Henry James's Collection [ 24 Books ] by Henry James

Henry James's Collection [ 24 Books ]

By Henry James

  • Release Date: 2012-11-09
  • Genre: Literary Criticism
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Description

This book contains collection of best 24 titles of Henry James.

1: The American
2: The Bostonians
3: The Europeans
4: Hawthorne
5: The Aspern Papers
6: The Ambassadors.
7: The Awkward Age
8: The Beast in the Jungle
9: Confidence
10: Daisy Miller: a study in two parts
11: The Golden Bowl.
12: A Passionate Pilgrim
13: The Outcry
14: Portrait of a Lady
15: The Princess Casamassima
16: The Real Thing
17: The Reverberator
18: The Turn of the Screw
19: The Tragic Muse
20: Washington Square
21: What Maisie Knew
22: The Wings of the Dove
23: Henry James
24: Roderick Hudson

Henry James was an American-born writer, regarded as one of the key figures of 19th-century literary realism. He was the son of Henry James, Sr. and the brother of philosopher and psychologist William James and diarist Alice James. James alternated between America and Europe for the first 20 years of his life, after which he settled in England, becoming a British subject in 1915, one year before his death. He is primarily known for the series of novels in which he portrays the encounter of Americans with Europe and Europeans. His method of writing from the point of view of a character within a tale allows him to explore issues related to consciousness and perception, and his style in later works has been compared to impressionist painting.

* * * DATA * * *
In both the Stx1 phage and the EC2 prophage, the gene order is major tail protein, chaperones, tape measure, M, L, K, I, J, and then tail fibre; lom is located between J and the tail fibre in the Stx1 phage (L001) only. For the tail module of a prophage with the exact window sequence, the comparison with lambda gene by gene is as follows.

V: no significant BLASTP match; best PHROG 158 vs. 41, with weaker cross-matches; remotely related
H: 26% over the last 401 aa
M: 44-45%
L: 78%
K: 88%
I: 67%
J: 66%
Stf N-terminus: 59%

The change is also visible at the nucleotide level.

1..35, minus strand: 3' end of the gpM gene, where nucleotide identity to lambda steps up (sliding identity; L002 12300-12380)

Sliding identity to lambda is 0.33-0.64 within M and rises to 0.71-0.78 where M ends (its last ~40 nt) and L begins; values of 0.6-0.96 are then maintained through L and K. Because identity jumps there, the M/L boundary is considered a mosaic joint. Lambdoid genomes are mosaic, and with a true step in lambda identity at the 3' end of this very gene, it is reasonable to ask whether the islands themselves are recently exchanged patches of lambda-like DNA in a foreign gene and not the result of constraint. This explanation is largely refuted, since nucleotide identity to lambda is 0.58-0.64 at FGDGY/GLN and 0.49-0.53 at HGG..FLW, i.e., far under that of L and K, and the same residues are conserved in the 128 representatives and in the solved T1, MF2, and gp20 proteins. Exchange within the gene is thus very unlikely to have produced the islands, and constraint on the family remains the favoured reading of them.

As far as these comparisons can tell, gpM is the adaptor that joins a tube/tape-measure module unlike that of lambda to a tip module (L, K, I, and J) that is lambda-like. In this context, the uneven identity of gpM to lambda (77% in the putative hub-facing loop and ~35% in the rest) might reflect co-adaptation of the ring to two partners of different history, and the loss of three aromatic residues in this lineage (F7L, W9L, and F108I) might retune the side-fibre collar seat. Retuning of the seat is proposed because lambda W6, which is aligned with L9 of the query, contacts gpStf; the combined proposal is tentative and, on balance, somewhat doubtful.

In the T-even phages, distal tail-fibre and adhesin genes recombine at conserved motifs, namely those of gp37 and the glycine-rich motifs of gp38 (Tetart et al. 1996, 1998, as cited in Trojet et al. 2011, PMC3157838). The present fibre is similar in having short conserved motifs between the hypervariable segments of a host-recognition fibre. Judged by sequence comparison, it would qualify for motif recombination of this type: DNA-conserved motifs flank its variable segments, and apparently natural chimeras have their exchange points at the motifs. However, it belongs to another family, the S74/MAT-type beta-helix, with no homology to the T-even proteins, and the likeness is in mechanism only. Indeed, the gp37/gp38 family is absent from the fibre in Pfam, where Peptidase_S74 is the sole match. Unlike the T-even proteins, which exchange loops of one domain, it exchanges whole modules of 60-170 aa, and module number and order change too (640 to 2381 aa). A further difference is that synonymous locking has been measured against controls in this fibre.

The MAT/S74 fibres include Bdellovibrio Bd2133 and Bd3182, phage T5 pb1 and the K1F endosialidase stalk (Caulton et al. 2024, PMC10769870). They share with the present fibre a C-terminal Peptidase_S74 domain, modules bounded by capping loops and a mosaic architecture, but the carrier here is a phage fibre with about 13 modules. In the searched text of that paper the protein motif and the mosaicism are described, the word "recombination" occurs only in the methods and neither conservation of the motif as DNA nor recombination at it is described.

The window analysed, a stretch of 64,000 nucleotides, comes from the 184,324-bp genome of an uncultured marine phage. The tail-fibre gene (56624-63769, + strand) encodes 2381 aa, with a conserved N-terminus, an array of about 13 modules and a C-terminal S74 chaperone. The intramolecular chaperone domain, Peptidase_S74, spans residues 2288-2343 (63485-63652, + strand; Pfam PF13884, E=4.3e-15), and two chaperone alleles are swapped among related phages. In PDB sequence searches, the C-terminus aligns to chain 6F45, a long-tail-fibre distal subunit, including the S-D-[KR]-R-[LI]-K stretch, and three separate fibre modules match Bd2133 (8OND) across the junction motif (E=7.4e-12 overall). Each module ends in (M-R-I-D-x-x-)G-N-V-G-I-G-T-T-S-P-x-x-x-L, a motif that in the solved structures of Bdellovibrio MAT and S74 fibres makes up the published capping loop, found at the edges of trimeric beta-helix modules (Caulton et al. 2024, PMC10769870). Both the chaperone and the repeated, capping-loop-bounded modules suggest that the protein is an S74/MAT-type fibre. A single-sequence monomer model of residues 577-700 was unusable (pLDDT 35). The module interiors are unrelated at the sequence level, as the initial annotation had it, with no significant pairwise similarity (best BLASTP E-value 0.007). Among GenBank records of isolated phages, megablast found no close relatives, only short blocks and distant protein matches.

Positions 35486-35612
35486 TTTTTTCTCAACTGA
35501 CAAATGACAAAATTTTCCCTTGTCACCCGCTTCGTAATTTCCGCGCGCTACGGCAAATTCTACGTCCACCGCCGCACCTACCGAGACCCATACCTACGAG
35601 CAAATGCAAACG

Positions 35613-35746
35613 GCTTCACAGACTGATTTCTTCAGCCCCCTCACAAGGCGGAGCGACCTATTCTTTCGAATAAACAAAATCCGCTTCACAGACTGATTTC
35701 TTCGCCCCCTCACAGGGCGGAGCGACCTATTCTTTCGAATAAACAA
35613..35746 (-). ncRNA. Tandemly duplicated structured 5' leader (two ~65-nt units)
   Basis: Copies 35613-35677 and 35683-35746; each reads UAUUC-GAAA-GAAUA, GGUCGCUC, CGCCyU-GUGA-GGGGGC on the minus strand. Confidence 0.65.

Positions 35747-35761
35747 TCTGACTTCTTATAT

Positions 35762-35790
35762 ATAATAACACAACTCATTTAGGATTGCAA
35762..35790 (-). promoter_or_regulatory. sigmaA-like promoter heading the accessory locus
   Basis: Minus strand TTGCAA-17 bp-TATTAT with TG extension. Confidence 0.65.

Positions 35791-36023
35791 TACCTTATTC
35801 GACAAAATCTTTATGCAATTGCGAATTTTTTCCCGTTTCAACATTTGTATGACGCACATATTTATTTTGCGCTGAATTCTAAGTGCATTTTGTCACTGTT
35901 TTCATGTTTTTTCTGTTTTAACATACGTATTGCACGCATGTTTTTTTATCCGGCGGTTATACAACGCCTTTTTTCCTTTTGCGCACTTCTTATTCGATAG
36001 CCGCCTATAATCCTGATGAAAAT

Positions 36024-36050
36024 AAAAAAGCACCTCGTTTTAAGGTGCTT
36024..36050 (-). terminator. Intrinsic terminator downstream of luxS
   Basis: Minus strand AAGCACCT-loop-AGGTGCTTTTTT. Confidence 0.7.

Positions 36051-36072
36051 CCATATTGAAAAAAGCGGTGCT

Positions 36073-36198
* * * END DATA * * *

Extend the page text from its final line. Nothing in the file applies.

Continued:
James contributed significantly to literary criticism, particularly in his insistence that writers be allowed the greatest possible freedom in presenting their view of the world. James claimed that a text must first and foremost be realistic and contain a representation of life that is recognisable to its readers. Good novels, to James, show life in action and are, most importantly, interesting. The concept of a good or bad novel is judged solely upon whether the author is good or bad. His imaginative use of point of view, interior monologue and possibly unreliable narrators in his own novels and tales brought a new depth and interest to narrative fiction. An extraordinarily productive writer, in addition to his voluminous works of fiction he published articles and books of travel, biography, autobiography, and criticism, and wrote plays, some of which were performed during his lifetime with moderate success. His theatrical work is thought to have profoundly influenced his later novels and tales.

In The Portrait of a Lady (1881) James concluded the first phase of his career with a novel that remains his most popular piece of long fiction. The story is of a spirited young American woman, Isabel Archer, who "affronts her destiny" and finds it overwhelming. She inherits a large amount of money and subsequently becomes the victim of Machiavellian scheming by two American expatriates. The narrative is set mainly in Europe, especially in England and Italy. Generally regarded as the masterpiece of his early phase, The Portrait of a Lady is described as a psychological novel, exploring the minds of his characters, and almost a work of social science, exploring the differences between Europeans and Americans, the old and the new worlds.

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